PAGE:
Acmon blue butterflies on buckwheat
Acmon blue butterflies photo by Sandra Brockman, courtesy Shutterstock.

I purchase a razor-sharp, razor-toothed pruning saw with two nasty-looking rows of teeth. You might want to know what I have against chain saws. Nothing. I’m just terrified of them. I begin cutting down my English laurel with my hand pruning saw. Seattle Public Utilities collects yard waste each week, and requires branches, trunks, and stumps to be four feet or fewer long and four inches or fewer wide. Many of my laurel trunks must be cut twice. It takes me about three months, working for an hour on most days. I hereby report that the row of laurel trees—20 trees with a total of 120 trunks—are now gone. I further report that my deltoids and triceps have gone hard. My new back yard is sun struck but still stacked with laurel brush, my laurel-cutting fetish having run ahead of Seattle’s collection schedule. Every week I put out a bin of laurel trash, and every week Seattle Public Utilities pulverizes it and turns it into compost.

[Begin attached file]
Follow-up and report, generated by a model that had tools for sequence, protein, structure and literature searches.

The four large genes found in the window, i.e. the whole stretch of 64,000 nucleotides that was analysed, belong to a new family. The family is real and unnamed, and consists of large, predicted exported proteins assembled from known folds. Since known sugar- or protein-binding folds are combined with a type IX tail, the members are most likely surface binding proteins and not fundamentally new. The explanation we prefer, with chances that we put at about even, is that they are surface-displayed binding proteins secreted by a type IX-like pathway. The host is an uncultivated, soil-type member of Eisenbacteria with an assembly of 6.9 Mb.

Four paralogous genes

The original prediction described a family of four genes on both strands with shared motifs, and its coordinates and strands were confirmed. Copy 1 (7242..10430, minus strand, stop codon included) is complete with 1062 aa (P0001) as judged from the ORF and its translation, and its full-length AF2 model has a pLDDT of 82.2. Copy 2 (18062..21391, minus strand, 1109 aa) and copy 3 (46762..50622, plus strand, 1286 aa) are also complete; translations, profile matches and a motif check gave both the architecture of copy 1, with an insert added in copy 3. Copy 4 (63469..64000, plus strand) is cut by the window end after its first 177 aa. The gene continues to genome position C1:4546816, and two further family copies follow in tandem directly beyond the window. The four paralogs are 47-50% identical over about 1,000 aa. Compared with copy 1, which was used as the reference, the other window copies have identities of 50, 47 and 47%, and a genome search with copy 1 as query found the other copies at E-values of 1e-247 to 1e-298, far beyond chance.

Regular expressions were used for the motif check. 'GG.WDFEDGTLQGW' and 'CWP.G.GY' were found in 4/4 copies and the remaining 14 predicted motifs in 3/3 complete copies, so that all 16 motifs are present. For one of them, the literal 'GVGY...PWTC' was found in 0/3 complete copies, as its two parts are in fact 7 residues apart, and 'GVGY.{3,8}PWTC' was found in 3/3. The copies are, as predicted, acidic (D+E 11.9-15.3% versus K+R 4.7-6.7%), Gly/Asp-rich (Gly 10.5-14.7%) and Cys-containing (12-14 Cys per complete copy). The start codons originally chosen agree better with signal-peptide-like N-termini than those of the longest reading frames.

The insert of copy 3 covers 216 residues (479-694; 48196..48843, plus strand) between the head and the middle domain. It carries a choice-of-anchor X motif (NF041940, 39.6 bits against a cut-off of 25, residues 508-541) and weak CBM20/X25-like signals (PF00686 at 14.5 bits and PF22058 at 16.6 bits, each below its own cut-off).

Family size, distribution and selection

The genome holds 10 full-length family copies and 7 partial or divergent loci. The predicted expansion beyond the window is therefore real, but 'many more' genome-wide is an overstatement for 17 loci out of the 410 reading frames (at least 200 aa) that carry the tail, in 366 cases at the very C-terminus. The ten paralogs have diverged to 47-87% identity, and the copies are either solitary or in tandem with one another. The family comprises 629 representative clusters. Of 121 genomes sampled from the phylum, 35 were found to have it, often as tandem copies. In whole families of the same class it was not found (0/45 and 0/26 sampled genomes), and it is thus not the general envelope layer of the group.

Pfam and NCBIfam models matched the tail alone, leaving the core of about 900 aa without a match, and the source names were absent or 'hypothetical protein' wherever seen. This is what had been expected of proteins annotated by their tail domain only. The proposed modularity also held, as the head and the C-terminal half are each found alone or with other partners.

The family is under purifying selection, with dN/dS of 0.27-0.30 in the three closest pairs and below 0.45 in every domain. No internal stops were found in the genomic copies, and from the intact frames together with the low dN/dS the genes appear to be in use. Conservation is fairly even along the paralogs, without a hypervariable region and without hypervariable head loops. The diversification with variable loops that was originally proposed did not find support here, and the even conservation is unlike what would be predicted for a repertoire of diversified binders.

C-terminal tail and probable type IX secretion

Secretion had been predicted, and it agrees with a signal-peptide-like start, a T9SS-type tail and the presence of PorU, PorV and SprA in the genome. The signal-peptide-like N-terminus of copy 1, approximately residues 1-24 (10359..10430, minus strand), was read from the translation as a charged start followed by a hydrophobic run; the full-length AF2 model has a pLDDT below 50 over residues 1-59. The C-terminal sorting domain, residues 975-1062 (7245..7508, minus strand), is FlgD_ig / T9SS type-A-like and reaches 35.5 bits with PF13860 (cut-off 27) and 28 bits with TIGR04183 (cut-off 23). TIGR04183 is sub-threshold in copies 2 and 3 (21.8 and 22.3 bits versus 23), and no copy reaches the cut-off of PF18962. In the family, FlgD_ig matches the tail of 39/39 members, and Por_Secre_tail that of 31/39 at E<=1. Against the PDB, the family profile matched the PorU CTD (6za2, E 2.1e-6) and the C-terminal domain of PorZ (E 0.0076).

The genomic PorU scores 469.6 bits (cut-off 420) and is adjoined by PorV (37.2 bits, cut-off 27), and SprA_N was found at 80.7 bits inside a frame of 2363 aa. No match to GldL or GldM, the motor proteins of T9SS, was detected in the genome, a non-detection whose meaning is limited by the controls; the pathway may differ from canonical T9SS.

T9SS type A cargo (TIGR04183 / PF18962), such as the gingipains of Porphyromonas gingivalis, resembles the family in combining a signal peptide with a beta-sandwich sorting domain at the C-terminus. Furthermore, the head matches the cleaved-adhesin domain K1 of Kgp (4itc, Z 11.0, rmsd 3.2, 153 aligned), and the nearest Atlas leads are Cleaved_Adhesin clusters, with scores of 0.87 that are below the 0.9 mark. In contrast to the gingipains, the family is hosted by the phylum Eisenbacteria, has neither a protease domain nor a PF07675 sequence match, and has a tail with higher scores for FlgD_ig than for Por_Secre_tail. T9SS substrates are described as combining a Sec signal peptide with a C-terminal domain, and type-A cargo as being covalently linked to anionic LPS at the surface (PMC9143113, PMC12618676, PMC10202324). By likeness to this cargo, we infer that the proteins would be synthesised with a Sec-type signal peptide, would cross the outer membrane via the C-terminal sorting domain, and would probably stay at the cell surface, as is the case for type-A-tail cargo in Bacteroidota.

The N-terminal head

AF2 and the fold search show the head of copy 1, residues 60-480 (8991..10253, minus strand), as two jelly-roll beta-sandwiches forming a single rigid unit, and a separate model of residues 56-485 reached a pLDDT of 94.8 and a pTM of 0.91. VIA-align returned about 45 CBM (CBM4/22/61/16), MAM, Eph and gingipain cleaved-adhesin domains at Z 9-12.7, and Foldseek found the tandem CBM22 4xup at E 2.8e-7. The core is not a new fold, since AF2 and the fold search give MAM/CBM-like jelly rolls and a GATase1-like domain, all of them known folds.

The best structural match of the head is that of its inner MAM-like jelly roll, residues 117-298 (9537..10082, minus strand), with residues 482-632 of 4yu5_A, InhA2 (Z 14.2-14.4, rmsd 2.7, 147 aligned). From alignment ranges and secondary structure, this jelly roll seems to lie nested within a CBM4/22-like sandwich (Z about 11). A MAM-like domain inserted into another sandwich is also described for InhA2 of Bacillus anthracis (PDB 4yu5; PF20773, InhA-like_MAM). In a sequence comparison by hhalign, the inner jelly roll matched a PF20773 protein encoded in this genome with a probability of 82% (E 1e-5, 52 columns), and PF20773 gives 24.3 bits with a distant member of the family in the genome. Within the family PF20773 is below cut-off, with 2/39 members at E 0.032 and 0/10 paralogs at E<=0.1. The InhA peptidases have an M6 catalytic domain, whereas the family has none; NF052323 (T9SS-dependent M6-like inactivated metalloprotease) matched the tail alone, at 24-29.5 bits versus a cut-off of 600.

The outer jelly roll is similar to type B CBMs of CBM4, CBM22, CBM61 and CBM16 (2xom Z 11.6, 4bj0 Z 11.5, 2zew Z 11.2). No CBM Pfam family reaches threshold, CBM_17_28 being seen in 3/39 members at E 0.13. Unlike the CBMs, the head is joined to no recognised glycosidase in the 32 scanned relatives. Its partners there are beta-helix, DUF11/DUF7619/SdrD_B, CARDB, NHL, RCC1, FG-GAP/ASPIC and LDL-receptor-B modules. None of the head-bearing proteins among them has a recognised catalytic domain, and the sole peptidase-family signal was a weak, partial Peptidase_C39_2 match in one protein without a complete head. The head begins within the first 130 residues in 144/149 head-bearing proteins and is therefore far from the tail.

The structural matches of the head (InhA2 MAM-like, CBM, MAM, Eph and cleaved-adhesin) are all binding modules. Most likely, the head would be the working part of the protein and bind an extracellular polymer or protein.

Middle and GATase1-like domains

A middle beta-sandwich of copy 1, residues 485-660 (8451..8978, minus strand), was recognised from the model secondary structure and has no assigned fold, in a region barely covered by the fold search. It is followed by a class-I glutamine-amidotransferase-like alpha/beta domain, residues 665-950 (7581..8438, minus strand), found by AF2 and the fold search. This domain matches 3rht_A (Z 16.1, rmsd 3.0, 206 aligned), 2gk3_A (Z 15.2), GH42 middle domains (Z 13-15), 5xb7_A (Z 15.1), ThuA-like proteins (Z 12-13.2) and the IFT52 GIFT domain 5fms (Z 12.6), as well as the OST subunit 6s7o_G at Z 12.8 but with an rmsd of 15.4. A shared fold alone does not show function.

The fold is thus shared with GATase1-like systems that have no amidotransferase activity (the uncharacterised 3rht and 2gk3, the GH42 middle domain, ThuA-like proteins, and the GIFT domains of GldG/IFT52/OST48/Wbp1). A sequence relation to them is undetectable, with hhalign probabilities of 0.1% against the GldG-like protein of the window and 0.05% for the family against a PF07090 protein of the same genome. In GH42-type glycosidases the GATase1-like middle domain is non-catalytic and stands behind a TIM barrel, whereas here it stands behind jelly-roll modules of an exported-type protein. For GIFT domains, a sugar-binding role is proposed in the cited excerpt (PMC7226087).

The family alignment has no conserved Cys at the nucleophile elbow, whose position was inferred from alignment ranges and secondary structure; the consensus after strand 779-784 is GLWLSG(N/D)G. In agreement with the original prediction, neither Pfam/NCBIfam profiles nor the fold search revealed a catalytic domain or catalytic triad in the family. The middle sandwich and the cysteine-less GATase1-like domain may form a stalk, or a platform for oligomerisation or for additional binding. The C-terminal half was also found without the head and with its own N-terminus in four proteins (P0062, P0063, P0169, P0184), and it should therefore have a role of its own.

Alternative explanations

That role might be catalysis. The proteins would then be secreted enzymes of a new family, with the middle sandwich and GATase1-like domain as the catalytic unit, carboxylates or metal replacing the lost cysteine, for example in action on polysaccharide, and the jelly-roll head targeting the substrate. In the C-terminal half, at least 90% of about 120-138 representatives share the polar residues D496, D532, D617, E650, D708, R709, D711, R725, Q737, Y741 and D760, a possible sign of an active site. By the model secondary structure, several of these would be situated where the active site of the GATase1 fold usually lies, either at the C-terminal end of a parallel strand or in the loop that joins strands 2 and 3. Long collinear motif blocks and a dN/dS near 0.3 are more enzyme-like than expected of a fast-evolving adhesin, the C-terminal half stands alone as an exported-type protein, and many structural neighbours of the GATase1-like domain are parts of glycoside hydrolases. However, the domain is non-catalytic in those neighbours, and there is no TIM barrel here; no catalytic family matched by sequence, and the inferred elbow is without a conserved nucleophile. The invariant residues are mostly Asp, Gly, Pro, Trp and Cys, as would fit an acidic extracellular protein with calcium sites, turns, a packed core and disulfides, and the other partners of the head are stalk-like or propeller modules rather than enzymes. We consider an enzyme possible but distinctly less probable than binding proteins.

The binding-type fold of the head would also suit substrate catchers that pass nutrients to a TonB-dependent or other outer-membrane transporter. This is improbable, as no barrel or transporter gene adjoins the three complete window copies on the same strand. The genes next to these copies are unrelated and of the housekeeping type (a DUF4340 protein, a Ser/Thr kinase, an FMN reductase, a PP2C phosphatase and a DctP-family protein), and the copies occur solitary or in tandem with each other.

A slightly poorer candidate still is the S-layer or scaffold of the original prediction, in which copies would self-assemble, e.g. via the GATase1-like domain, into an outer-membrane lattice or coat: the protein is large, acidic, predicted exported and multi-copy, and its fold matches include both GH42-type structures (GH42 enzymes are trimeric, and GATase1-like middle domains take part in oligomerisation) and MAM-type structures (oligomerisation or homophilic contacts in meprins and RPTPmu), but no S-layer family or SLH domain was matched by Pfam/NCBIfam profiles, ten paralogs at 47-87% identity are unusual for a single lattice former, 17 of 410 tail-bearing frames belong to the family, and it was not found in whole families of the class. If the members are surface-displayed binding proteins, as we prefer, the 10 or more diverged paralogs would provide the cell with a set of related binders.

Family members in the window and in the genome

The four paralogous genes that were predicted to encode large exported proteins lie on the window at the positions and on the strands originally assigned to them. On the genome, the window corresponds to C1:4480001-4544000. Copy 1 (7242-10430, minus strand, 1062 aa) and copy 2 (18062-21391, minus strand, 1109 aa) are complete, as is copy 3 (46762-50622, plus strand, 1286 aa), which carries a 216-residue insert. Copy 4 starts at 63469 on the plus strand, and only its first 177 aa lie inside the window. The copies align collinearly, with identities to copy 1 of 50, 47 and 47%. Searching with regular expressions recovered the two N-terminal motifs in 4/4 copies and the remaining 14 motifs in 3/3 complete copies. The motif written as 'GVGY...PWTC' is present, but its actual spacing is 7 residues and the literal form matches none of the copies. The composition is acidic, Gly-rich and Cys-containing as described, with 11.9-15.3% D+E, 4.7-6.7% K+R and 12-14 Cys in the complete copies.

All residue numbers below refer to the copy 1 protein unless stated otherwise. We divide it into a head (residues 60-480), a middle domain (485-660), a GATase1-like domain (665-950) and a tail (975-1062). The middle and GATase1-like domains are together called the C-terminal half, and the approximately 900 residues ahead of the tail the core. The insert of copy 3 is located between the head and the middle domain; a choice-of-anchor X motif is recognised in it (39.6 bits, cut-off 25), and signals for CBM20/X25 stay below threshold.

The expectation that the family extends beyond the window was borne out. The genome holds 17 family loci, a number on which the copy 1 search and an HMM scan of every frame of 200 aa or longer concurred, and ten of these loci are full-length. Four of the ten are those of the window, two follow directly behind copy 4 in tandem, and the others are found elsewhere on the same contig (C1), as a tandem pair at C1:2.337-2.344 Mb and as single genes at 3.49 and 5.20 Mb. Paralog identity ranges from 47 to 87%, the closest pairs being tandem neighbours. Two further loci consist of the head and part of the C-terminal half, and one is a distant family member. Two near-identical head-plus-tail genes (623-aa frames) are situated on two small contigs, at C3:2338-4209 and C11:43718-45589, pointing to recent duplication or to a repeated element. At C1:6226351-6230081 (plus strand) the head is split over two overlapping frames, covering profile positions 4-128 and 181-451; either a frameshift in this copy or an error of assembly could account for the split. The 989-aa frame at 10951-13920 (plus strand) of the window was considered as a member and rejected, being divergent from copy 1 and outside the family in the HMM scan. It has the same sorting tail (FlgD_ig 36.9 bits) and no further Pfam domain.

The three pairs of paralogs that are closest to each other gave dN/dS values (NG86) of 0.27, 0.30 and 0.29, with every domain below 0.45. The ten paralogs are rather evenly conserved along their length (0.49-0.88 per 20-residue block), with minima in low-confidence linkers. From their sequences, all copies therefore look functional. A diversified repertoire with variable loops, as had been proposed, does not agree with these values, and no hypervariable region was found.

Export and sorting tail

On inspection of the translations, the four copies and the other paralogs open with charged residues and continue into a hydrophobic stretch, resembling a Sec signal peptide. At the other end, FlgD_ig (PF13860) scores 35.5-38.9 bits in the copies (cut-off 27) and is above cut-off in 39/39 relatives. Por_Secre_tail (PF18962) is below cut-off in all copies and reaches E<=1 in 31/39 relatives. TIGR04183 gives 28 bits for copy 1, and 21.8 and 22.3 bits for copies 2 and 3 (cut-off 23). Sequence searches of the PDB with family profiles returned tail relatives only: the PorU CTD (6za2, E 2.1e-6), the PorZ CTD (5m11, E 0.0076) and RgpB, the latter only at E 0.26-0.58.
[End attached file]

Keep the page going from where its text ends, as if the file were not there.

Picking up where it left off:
This is a reason for hope.


I dream of a better world. I dream of a better yard. What if my dirt backyard was ferns and flowers fluttering with butterflies? Butterflies can drink the nectar of any flower but their caterpillars can typically feed only on the plant they evolved with. If I plant dogwood, the butterfly spring azure may arrive. If I plant lupine, it will be the silvery blue. If buckwheat, the acmon blue will arrive. Gooseberry will bring a flock of tailed coppers; dock, the great copper. I could plant violets to lure the western meadow fritillary or asters to draw the northern checkerspot. I dream of a garden fluttering with butterflies, especially the monarch butterfly, orange and black and gorgeous. To draw this most stressed out, most endangered, most beautiful of all butterflies, I will plant showy milkweed.